Lake States Aspen Report No. 15
U.S. Dept. of Agriculture, Forest Service, Lake States Forest Experiment Station
A plentiful supply of pine and cedar logs provided the early settlers of this country with a cheap and durable material for the construction of their homes and farm buildings. Only the axe and the ingenuity of the pioneer were needed to erect a shelter against the elements of nature. Early in the 19th century, the circular saw came into use resulting in a change in building construction. The pine stands in New England and in the Lake States, considered inexhaustible in the 19th century, were converted to lumber to construct buildings necessary for the rapid development of the country. Log cabin construction continued on a very small scale but was largely confined to the inaccessible parts of the country where a cheap and plentiful supply of good building logs still existed. Today, with lumber and pulpwood prices the highest in the history of the country, aspen is about the only cheap and plentiful building log material in the northern Lake States.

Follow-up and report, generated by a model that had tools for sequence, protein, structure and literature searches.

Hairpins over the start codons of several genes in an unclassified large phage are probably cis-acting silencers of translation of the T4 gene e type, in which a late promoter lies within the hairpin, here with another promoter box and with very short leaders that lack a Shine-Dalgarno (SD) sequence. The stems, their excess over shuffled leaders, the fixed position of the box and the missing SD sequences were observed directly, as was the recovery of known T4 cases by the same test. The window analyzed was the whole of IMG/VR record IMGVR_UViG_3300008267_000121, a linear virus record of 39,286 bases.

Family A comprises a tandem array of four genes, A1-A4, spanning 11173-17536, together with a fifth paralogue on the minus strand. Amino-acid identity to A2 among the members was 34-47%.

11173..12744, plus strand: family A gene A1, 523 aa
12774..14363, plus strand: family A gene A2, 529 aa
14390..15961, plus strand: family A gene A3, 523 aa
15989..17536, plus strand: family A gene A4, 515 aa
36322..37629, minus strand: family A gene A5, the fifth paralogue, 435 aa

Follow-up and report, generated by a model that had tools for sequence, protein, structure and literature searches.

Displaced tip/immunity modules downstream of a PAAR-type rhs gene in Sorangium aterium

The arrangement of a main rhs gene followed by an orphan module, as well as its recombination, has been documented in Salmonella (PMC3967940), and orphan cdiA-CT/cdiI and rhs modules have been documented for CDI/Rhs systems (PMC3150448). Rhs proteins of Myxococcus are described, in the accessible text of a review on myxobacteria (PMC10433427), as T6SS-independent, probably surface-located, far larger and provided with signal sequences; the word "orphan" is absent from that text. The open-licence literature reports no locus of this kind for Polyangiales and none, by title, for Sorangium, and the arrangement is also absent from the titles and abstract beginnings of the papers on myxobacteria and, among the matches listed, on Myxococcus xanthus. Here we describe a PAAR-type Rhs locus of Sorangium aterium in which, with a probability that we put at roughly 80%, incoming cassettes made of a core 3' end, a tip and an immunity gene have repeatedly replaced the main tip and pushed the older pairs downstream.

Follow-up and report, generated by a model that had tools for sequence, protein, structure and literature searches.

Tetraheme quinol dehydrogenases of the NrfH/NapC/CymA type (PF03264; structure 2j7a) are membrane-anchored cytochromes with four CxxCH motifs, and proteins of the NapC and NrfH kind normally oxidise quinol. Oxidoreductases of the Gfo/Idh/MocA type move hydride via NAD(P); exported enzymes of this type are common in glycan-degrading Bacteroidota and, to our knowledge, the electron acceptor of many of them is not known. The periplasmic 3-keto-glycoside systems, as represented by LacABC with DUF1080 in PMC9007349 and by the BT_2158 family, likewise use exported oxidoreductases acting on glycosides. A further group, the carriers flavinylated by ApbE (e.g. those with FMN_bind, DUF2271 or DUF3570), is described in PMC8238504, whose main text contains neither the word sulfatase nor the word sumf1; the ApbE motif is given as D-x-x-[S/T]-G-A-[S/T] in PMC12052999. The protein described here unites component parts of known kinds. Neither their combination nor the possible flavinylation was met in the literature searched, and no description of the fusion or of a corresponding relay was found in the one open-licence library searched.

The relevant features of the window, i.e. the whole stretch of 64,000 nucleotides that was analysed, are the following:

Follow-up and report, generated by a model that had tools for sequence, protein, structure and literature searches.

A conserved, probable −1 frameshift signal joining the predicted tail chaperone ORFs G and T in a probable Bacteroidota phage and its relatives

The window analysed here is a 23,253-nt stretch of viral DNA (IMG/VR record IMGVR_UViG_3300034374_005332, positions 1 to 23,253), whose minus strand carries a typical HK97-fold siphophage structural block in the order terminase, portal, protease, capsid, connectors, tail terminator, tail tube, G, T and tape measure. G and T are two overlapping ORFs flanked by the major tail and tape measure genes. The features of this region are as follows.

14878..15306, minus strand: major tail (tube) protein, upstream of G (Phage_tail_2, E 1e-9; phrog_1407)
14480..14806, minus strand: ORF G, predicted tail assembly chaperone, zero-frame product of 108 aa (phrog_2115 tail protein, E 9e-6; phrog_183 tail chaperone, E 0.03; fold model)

Sump, A.W. 1947. Aspen for cabin logs. Lake States Aspen Report. No. 15.